2) What kind of quality is a roofing company delivering if they can readily deduct a thousand dollars off of the already low profit price the insurance company has submitted?

3) Why would you want to gamble with quality with something as important as your roof?


My company "Anderson Roofing & Home Improvement" contracts in Oregon, Ohio and the surrounding areas. While we will work with our customers in some scenarios to insure they get a high quality roof at the right price, we would never defruad an insurance company or our customers. This is a question of integrity. We would never lower our standards or morales, period! We deliver a high quality product at the right price. Contractors that are willing to eat the deductible do so by using low quality materials and cutting corners. I suggest you ask yourself the following question before trying to subvert the insurance process.


Which would you rather have, $1000, or a high quality roof that will last the life of it's warranty and a company that stands behind their work?

Source: http:www.andersonsroofing.net

Answered 3 years ago by AndersonRoofing

1
Vote

I am an General Contractor that understands all of the ins and outs of Insurance claims. A homeowner, a customer to the insurance company. You agree to pay a predetermined amount for a deductible to the contractor preforming the work (Your Part). I am often asked to "Waive" the deductible. I explain to my customers that it would be considered collusion between them and our company and the insurance company considers it fraud. This is how I handle customers that insist on not paying their deductible. Most storm related claims have damage to other parts of the home besides the roof. I agree to fix the roof for the amount that the insurance estimates. Insurance companies allow home owners to complete some or all of the work pertaining to the claim. I sub contract the balance of the work on the claim to the homeowner. Thus the home owner assumes the cost of the deductible, which he is responsible for in the first place. I also give referral bonuses to the homeowner for each successful referral he sends our way. We also compensate the homeowner for allowing us to post a sign in the yard for advertising. No corners are cut, the deductible is satisfied, no fraud is committed, the home owner and Insurance Company are satisfied. Another one for the books.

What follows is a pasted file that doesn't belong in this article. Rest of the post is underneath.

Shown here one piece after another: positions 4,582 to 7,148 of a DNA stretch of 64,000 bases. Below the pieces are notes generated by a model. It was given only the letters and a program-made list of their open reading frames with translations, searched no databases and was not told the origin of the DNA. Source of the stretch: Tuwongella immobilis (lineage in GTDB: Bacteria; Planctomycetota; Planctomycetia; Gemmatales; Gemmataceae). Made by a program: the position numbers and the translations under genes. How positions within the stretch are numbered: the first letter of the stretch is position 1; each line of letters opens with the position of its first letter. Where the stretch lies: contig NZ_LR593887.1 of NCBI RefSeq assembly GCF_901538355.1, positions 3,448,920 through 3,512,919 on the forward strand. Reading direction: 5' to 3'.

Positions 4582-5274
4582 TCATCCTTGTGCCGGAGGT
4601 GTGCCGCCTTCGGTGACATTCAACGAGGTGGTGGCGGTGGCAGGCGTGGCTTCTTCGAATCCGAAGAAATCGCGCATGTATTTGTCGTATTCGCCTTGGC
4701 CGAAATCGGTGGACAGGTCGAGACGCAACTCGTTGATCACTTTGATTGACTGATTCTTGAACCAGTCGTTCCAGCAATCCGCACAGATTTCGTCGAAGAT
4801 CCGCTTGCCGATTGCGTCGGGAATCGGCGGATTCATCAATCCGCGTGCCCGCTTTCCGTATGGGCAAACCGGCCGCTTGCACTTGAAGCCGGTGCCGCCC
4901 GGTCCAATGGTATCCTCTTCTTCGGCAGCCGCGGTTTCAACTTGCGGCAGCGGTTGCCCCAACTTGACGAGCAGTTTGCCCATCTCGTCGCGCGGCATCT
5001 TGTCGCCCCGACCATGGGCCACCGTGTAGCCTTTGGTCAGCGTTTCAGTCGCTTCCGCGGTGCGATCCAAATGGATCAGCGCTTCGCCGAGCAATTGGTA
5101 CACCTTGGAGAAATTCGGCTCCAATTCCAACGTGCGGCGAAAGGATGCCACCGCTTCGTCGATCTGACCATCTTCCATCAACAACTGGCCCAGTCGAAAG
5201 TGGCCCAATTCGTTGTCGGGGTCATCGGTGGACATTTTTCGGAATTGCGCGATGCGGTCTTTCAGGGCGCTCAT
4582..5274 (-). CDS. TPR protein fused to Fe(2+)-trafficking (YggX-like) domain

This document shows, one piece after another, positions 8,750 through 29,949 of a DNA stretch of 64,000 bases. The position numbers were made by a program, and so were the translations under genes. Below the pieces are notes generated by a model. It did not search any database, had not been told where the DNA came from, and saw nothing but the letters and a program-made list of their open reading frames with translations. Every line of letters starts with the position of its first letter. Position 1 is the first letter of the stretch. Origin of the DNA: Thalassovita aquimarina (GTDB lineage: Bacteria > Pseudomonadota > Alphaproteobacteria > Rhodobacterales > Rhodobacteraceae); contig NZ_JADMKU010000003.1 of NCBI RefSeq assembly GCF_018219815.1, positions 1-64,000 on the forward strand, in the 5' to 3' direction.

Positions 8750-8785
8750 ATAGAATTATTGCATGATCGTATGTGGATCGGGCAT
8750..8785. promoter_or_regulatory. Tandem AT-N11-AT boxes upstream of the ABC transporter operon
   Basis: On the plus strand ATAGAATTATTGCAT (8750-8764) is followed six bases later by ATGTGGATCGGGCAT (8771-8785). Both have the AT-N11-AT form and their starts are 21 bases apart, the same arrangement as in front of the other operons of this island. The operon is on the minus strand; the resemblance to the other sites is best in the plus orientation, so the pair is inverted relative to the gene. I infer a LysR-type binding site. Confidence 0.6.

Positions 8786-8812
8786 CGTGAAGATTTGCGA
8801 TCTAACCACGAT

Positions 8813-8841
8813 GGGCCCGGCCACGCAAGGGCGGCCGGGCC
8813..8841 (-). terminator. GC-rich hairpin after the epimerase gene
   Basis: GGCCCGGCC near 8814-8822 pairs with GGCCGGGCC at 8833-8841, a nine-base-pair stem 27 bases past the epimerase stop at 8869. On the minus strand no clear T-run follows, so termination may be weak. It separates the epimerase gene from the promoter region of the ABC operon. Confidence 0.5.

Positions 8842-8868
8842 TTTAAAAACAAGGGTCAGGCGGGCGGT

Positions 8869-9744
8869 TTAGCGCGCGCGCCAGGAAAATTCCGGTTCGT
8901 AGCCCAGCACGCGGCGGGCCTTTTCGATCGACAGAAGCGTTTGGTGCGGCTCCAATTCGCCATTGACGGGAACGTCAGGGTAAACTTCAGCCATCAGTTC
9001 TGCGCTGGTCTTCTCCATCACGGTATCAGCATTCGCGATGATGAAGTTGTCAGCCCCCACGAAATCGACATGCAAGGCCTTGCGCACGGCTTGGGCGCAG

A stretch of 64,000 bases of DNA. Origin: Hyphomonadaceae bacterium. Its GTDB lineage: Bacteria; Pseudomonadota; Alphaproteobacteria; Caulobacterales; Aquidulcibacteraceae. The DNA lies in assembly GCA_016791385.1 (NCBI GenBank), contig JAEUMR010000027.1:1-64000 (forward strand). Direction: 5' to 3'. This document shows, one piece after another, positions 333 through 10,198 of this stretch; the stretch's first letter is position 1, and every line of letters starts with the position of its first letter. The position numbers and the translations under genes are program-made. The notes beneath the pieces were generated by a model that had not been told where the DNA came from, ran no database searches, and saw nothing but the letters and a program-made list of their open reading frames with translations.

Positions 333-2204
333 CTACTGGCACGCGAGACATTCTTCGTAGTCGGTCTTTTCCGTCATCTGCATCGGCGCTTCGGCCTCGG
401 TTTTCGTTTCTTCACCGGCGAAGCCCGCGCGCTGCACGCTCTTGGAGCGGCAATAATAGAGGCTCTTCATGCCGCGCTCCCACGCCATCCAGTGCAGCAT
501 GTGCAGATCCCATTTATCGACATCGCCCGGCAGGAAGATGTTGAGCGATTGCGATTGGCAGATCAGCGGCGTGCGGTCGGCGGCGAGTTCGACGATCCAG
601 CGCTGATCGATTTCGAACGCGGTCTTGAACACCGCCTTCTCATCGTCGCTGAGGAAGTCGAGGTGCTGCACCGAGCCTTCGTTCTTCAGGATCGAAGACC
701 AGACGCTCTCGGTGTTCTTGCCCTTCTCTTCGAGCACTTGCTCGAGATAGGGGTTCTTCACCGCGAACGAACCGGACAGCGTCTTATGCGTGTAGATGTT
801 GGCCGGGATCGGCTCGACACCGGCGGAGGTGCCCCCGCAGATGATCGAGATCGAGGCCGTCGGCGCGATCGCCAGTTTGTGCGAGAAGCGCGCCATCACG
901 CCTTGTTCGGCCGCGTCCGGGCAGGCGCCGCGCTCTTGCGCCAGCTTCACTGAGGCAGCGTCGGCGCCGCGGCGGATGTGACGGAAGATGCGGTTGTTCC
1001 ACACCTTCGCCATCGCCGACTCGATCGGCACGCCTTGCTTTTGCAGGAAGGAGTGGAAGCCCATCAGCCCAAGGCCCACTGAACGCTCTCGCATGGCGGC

Source: 480-717-7088 Storm Doctors.

Answered 2 years ago by edt

1
Vote

This is old but after reading all this I simply must comment.

1-yeah that didn't sound like a joke. But! I get it. I worked in several different insurance fields and I couldn't take it anymore because the one thing they all have in common I this: The very first thing they do is go thru Te reasons to DENY the claim. If one fits-denied. The numbers have since changed, but when I was in the fields, around 60% of claim applicants accepted the denial. If you appeal the denial THEN its looked at with a different set of standards and the first question on the adjusters list is this:did applicant til with us in the last (time frame ranging from 30 days to one year)